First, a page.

# Entropy Rate of a Gaussian ARMA Process

This post goes under the category of 'things I tried to google and had very little luck finding.' I tried to google 'Entropy Rate ARMA Process' and came up with nothing immediately useful^{1}. The result I report here should be interpretable to anyone who has, say, worked through the third chapter of *Time Series Analysis* by Shumway and Stoffer and the chapter of *Elements of Information Theory* on differential entropy.

Define the (differential) entropy rate of a stochastic process \(\{ X_{t}\}\) as \[ \bar{h}(X) = \lim_{t \to \infty} h[X_{t} | X_{t-1}, \ldots, X_{0}].\] (With the usual caveats that this limit need not exist.) This is the typical definition of the entropy rate as the intrinsic randomness of a process, after we've accounted for any apparent randomness (that's really structure) by considering its entire past. We want to worry about entropy rates, rather than block-1 entropies, since a process may *look* quite random if we don't account for correlations in time. (Consider a period-2 orbit as a very simple example of how using block-1 entropies could completely mask obvious non-randomness.)

I'm interested in the entropy rate for a general autoregressive moving average (ARMA\((p, q)\)) process with Gaussian innovations. That is, consider the model \[ X_{t} = \sum_{j = 1}^{p} b_{j} X_{t-j} + \epsilon_{t} + \sum_{k = 1}^{q} a_{k} \epsilon_{t - k}\] where \(\epsilon_{t} \stackrel{iid}{\sim} N(0, \sigma_{\epsilon}^{2}).\) We'll assume the process is stationary^{2}.

This book gives us the entropy rate for a general Gaussian process (of which the ARMA Gaussian process is a special case). For a stationary Gaussian process \(\{ X_{t}\}\), the entropy rate of the process is given by \[ \bar{h}(X) = \frac{1}{4 \pi} \int_{- 1/2}^{1/2} \log(4 \pi^{2} e f(\omega)) \, d\omega\] where we define the spectral density \(f(\omega)\) as \[ f(\omega) = \sum_{h = -\infty}^{\infty} \gamma(h) e^{-2 \pi i \omega h}, \omega \in [-1/2, 1/2]\] with \(\gamma(h)\) the autocovariance function^{3} of the process, \[ \gamma(h) = E[X_{t - h} X_{t}].\]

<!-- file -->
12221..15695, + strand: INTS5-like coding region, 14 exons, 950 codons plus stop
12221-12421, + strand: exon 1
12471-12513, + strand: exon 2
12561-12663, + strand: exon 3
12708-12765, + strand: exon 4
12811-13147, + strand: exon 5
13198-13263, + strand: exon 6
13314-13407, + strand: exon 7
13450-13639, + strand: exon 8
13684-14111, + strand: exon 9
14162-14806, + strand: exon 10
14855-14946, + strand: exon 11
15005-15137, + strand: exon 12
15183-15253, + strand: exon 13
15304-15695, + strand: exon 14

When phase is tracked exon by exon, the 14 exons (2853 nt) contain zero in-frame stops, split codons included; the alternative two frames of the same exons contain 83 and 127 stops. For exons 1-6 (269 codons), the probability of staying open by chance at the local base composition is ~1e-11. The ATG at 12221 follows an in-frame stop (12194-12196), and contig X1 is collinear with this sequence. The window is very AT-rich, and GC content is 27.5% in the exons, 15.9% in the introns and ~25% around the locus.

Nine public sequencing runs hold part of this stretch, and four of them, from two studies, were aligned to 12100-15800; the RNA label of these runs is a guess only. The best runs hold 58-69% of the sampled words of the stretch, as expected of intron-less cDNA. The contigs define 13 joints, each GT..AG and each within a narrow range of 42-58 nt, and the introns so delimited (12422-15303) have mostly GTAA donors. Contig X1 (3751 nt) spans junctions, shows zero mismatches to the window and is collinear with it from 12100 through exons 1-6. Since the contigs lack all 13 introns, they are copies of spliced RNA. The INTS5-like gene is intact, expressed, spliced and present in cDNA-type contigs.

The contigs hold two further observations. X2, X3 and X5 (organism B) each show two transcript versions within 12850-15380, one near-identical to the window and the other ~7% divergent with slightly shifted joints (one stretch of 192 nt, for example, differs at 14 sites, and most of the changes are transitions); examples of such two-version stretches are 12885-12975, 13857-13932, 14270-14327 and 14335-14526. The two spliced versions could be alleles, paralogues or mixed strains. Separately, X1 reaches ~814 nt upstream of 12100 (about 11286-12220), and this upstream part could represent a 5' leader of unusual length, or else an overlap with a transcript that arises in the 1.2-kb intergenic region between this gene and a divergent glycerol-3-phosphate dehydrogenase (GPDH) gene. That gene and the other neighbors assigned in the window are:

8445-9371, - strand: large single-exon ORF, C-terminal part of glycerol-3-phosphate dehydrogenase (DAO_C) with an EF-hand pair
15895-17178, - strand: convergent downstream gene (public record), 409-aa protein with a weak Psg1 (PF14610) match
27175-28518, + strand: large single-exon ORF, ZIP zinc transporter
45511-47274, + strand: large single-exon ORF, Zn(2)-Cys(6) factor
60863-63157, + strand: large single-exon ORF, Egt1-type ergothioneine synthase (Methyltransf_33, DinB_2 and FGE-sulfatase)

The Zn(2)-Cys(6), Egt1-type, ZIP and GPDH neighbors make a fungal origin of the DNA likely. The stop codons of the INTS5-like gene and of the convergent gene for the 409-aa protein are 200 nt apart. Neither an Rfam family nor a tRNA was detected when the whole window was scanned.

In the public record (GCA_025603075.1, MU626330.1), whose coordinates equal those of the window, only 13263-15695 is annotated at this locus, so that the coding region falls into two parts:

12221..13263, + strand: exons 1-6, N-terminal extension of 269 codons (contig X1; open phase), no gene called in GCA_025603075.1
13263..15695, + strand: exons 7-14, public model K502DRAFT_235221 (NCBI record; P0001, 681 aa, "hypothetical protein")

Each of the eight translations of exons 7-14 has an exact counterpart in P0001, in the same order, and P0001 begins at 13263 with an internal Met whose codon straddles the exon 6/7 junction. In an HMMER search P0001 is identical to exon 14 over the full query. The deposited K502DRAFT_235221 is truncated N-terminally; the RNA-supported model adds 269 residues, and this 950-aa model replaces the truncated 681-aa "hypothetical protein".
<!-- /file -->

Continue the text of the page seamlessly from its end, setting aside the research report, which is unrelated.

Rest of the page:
This is already a nice result: the entropy rate of a Gaussian process is completely determined by its spectral density function, and thus by its autocovariance function (since the spectral density function and the autocovariance function are Fourier transform pairs). This makes sense: Gaussian-type things are completely determined by their first and second moments, and the autocovariance captures any information in the second moments.

The autocovariance function for an ARMA\((p,q)\) process can be computed in closed form^{4}. As such, we can compute the integral above, and we find that the entropy rate of a Gaussian ARMA\((p,q)\) process is \[\bar{h}(X) = \frac{1}{2} \log(2 \pi e \sigma_{\epsilon}^{2}).\]

This was, at first, a surprising result. The entropy rate of a Gaussian ARMA\((p,q)\) process is *completely determined* by the variance of the white noise term \(\epsilon_{t}\)^{5}. But after some thought, perhaps not. If we know the coefficients of the model, once we've observed enough of the past (up to a lag \(p\) if the autoregressive order is \(p\)), we've accounted for any structure in the process. The rest of our uncertainty lies in the 'innovations'^{6} \(\epsilon_{t}\).

This result reminds us of the power (and true meaning) of the entropy rate for some stochastic process. There may be some *apparent* randomness in the process from our lack of information (for example, only knowing lags of some order less than \(p\) for an ARMA\((p, q)\) process). But once we've accounted for all of the structural properties, we're left with the inherent randomness that we'll never be able to beat, no matter how hard we try.

This page is a good zeroth order approximation. But they don't give the result for a Gaussian ARMA process. Though they

*do*point to the right book to find it.↩Since the process is Gaussian, weak sense (covariance) stationarity implies strong sense stationary and vice versa.↩

For notational convenience, I'm assuming the process has mean zero. A non-zero mean won't affect the entropy rate, since translations of a random variable have the same entropy as the untranslated random variable.↩

Though it involves a lot of non-trivial manipulations of difference equations. A pleasant exercise for the reader. (No, really.) Especially since difference equations don't really make it into the typical undergraduate mathematics curriculum. (Though they

*do*make it into the electrical engineering curriculum. They know a lot more about \(z\)-transforms than we do.)↩For example, it doesn't depend at all on the AR coefficients, or the number of lag terms. One might expect that the more lag terms we have, the harder a process is to predict. But this isn't because of

*intrinsic*randomness in the process, which is what the entropy rate captures.↩The time series analysis literature has a rich vocabulary (a nicer way of saying a rich

*jargon*). I came across some of it while learning about numerical weather prediction for a year-long project.↩